The parallel running Emergency Water Security sessions, moderated by Adam Marlatt, President, Global DIRT and Logistics Coordinator, UNDP, kicked off with a general debate on ‘what is clean water’ ddressing concerns on water quality in emergency situations. The audience benefited from a wealth of field experience and scientific expertise by Martin Keitsch, Humanitarian Aid & Disaster Relief Systems, Kaercher Futuretech, Dr. Dennis Warner, Millennium Water Alliance, John Akudago, Samaritan’s Purse, and Kevin Sofen, W.S. Darley & Company.

  The discussion on sanitation and waste water management discussed adequate solutions for different disaster relief scenarios. The following speakers shared their insights on emergency WASH programmes and innovations: Craig Ball, Butyl Products, Dr. Ian Halsall, Worldwide Industries, and Jason Krass, Toilets for People. The discussion on identifying the best suited solution for water security was continued in the pitch tank session, where three different technologies by Aquamira, Kaercher Futuretech and Worldwide Industries where presented to an expert panel for evaluation and feedback.

  Since often there is no clear line between emergency water security and development water security, the event also offered a session on development water management, which was joined by Radwan Chowdury, UDiON Foundation, Lisa Schechtman, Water Aid America, and Bill Horan, Operation Blessing International. The contributors and audience concluded that local social, cultural and technological customs need to be considered for any WASH programmes, whether development or disaster relief. Also the sustainability of WASH programmes needs to be better addressed and measured. This point was particularly highlighted by Elynn Walter, WASH Advocated, and Jason Meisner, Relief International, during their contributions on health promotion activities.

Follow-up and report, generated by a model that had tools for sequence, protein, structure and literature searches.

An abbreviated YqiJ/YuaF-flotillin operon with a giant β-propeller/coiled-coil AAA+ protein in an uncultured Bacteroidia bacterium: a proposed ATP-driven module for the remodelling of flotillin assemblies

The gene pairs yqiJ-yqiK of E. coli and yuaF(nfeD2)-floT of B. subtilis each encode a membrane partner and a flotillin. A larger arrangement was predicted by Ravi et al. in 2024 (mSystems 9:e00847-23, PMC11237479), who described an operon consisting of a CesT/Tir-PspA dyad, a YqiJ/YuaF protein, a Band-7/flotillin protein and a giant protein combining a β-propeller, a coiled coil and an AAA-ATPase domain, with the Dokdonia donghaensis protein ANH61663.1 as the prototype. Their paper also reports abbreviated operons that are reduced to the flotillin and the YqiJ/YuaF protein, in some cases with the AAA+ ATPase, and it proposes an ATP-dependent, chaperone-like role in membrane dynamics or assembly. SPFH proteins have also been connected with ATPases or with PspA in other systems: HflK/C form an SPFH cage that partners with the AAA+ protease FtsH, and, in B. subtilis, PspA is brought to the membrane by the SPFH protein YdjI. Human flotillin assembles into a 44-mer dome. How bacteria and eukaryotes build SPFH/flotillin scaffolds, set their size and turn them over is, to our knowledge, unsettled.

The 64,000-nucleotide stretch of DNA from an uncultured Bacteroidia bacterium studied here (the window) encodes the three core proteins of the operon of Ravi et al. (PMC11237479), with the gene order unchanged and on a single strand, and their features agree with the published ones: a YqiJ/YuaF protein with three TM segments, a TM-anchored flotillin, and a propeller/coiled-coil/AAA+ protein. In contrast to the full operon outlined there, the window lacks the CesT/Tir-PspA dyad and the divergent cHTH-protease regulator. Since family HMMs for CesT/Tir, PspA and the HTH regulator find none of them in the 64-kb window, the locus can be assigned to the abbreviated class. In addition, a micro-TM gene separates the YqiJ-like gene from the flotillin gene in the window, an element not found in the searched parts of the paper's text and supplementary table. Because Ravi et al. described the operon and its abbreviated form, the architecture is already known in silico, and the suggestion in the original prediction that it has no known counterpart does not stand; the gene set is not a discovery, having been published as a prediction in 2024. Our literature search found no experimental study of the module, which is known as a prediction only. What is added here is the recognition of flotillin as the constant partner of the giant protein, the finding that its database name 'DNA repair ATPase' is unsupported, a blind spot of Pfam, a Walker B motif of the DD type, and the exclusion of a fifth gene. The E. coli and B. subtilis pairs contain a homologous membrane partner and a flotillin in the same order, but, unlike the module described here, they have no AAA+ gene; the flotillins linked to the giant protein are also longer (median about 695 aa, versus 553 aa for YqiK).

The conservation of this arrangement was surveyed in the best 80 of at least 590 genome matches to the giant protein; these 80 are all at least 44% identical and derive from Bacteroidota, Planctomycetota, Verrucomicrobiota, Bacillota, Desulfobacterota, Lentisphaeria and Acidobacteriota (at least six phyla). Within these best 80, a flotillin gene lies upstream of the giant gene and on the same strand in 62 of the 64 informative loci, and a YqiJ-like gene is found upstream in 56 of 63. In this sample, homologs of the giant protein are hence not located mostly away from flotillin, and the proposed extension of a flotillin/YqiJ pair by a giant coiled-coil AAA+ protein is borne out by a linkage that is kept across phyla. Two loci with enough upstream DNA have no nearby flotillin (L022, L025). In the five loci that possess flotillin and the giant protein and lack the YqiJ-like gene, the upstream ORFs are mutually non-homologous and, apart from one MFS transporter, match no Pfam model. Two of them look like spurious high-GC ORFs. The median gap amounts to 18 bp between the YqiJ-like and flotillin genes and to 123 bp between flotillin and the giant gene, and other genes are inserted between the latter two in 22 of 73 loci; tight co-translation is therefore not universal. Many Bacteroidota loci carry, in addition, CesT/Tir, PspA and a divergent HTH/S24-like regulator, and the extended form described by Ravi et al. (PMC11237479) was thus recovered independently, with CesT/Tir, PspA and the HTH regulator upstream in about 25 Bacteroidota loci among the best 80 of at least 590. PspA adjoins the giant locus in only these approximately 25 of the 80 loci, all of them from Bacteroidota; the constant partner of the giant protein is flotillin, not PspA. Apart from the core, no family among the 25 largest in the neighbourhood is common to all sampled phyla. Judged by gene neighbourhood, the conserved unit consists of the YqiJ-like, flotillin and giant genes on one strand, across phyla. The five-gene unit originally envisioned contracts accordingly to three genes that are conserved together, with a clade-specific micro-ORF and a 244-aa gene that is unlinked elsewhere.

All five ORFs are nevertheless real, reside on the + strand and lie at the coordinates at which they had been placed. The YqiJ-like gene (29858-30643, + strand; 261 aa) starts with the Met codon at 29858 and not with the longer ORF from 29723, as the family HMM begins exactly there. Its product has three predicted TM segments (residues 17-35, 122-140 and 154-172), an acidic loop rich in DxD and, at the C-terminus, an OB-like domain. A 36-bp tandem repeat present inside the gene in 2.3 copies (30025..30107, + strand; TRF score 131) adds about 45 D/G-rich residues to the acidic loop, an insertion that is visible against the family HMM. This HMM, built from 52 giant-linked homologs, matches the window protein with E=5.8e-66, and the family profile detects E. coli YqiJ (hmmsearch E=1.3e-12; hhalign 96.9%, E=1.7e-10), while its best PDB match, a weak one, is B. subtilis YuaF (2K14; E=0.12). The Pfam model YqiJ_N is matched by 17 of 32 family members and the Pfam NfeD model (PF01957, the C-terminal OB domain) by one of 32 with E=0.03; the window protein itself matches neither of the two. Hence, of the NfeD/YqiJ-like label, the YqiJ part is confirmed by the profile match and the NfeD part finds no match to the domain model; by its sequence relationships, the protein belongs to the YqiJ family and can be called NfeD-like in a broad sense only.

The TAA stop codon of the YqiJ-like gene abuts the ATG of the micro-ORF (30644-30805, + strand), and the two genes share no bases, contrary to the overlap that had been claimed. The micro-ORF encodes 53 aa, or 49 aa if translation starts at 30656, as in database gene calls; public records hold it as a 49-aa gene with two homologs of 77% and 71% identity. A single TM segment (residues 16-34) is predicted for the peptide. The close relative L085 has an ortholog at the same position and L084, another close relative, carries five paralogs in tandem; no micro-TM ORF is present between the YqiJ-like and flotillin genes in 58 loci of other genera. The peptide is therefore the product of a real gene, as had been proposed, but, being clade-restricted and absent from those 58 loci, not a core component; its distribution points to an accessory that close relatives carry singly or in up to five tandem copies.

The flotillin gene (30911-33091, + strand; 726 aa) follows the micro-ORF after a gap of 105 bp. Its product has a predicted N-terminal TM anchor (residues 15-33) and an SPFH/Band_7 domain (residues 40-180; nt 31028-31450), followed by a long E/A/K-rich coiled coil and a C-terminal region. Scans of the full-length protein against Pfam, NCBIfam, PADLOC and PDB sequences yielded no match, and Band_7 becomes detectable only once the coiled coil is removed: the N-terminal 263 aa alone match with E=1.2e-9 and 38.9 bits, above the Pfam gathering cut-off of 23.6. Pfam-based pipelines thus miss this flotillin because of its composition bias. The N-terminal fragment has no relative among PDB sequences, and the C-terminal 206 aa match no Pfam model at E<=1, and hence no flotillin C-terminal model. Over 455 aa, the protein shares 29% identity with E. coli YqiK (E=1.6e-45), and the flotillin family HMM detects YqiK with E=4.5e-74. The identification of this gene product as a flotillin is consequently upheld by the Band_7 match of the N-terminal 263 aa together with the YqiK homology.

For the conclusion of the summit Lauren D’Amore, Save the Children, and David Jones, Rescue Global, highlighted the importance of training to improve safety and stressed that a better coordination of stakeholders is needed to really improve aid and disaster response. This very much brings us back to the overall objective of this 6th Annual AIDF Disaster Relief Summit to bring all stakeholders together in one room to establish effective policies and best practice for better, safer and more efficient emergency response, from NGOs to military, from UN and aid agencies to private sector, research organisations, investors and the government. And we are looking forward to continue the conversations next year!